Wave of green energy bills propose timetable that could threaten Illinois economy, say GOP critics
While lobbyists are busy crafting the apparent copycat green energy bills sweeping across state legislatures, Illinois conservatives are withholding support for these controversial proposals until more is understood.
Just weeks after U.S. Rep. Alexandria Ocasio-Cortez unveiled her Green New Deal, the Illinois General Assembly began considering House Bill 3624, the Clean Energy Jobs-Tech Act, and its counterpart in the Senate, SB 2132. With backing from state Rep. Mary Edly-Allen (D-Libertyville) and a band of other Democrats, the bill calls for the state to cut its dependence on fossil fuels in the coming decades in favor of renewable energy sources.
State Rep. Chris Miller (R-Robinson) and other critics cite the potential economic damage such rapid changes could bring.
“In Illinois, this basically devastates coal and oil, which is the lifeblood for jobs where we live down here,” Miller told the Lake County Gazette during a recent interview. “All this is political grandstanding to try to satisfy the green energy snobs in their district.”
Others have questioned the science behind a rapid shift toward renewable energy. Illinois Coal Association President Phil Gonet pointed out the intermittent nature of wind and solar power, and others have cast doubt on whether green energy could scale up to meet the hefty demands now fulfilled by fossil-fuel power.
“If you drive up and down I-57 or I-39 or I-55 and see all the windmills, that only amounts to [depending on the data] only 1.5 percent of the energy needed,” Miller said. “One thing they want is 25-percent reliance on renewable energy by 2025. If they reach that in five or six years, it would be a miracle.”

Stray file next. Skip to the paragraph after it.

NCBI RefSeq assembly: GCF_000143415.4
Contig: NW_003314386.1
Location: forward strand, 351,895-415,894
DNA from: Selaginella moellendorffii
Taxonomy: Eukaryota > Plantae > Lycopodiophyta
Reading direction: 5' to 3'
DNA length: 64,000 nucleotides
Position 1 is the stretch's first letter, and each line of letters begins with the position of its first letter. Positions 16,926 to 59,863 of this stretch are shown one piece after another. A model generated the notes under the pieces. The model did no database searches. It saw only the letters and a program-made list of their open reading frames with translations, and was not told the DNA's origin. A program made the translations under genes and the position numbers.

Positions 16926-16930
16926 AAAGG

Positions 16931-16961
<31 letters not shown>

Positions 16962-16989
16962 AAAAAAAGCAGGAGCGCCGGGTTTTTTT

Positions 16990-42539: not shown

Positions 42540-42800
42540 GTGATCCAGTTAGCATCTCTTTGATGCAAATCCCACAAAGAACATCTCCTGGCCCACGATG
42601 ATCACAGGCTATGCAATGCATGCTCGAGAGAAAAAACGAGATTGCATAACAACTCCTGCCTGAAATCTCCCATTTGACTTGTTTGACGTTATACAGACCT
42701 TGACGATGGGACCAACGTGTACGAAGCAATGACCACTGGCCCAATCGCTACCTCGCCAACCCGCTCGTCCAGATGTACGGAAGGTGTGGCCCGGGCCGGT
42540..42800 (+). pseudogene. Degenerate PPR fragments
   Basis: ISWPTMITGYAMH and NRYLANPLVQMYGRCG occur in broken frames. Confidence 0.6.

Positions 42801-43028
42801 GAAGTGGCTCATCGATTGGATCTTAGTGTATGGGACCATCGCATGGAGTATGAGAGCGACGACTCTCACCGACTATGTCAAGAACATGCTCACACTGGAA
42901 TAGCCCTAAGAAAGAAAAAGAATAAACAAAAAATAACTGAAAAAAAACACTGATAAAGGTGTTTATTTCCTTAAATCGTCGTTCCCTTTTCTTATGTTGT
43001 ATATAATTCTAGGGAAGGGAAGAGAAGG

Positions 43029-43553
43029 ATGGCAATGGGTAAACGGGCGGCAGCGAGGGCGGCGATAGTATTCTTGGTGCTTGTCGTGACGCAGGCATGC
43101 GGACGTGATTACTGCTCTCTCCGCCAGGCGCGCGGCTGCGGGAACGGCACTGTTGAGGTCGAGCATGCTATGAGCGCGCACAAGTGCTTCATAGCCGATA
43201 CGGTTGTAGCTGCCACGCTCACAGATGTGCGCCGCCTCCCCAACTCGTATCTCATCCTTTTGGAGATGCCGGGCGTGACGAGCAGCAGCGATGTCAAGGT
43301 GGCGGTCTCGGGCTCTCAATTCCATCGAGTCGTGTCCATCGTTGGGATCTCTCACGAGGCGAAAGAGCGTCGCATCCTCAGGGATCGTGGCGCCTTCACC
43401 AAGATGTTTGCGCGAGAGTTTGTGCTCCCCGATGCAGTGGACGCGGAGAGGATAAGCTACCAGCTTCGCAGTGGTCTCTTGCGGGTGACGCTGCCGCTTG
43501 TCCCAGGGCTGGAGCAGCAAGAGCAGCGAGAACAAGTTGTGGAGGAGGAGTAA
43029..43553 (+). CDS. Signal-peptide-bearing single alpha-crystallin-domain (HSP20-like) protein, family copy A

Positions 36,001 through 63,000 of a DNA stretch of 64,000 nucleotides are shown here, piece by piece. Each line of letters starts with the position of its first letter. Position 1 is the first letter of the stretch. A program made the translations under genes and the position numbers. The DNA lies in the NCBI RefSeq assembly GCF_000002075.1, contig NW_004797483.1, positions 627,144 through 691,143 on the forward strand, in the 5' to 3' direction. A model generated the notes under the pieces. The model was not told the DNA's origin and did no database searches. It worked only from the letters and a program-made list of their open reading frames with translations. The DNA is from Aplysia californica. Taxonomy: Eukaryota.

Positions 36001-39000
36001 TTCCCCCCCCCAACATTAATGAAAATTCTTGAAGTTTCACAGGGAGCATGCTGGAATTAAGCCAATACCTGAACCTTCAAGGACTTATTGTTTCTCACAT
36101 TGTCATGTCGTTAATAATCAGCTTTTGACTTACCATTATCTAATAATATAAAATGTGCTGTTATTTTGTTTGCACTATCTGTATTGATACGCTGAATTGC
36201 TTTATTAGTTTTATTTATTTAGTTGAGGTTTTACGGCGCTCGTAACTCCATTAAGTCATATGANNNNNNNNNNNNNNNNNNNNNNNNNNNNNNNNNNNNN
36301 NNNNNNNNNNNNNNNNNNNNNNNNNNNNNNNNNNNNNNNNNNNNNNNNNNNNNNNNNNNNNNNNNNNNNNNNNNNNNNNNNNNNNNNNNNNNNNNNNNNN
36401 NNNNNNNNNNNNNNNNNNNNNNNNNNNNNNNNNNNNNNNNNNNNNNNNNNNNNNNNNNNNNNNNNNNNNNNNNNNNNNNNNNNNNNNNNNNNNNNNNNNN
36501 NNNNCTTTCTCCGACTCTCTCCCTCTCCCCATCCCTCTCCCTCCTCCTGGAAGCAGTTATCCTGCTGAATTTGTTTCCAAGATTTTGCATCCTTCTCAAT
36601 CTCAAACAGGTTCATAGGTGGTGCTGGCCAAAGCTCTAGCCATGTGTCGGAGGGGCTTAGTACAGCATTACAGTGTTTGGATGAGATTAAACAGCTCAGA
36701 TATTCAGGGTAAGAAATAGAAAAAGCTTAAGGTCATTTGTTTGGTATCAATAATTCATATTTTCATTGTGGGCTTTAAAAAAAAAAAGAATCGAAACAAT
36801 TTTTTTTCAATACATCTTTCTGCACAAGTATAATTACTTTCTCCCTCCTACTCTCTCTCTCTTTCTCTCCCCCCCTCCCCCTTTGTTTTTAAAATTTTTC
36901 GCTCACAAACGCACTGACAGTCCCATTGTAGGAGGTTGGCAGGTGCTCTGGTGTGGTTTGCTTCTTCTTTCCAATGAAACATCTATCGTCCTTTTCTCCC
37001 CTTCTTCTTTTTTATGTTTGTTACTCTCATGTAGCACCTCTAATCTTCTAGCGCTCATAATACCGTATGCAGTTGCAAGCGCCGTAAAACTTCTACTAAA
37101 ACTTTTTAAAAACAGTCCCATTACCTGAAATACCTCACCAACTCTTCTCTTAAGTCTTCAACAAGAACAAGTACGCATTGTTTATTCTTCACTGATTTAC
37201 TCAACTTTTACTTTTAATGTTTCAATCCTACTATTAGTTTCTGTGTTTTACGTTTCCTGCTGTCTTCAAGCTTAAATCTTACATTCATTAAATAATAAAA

Specifically, the bill sets a timetable for Illinois to become carbon-free by 2030 and to rely 100 percent on renewable energy by 2050. That aggressive timetable may be a byproduct of the increasingly one-size-fits-all approach to legislation.
A 2019 USA Today study computer analyzed verbiage from thousands of bills on many topics, not just energy. The findings showed many bills on similar topics contained matching phrases, hinting at their common source.
“It appears as though there’s a special-interest group going around to states pushing this supposedly green agenda,” said state Rep. Dan Caulkins (R-Decatur). “It’s obviously politically motivated, but I don’t know why. To actually try to do it makes no sense monetarily.”
Miller pointed out that despite growing alarm in some circles over climate change, science may not back up those claims. He recalled that as a student in the 1970s, a scientific fad called for global cooling in 10 years, but a decade later, former Vice President Al Gore was leading the charge against global warming.
"Now fast forward to [Ocasio-Cortez] saying the world will end in 12 years if we don’t address climate change," Miller said. "Illinois or the world is never going to be destroyed from global cooling, global warming or climate change. The only thing going to destroy America is bad public policy that has been brought forth by all these morons."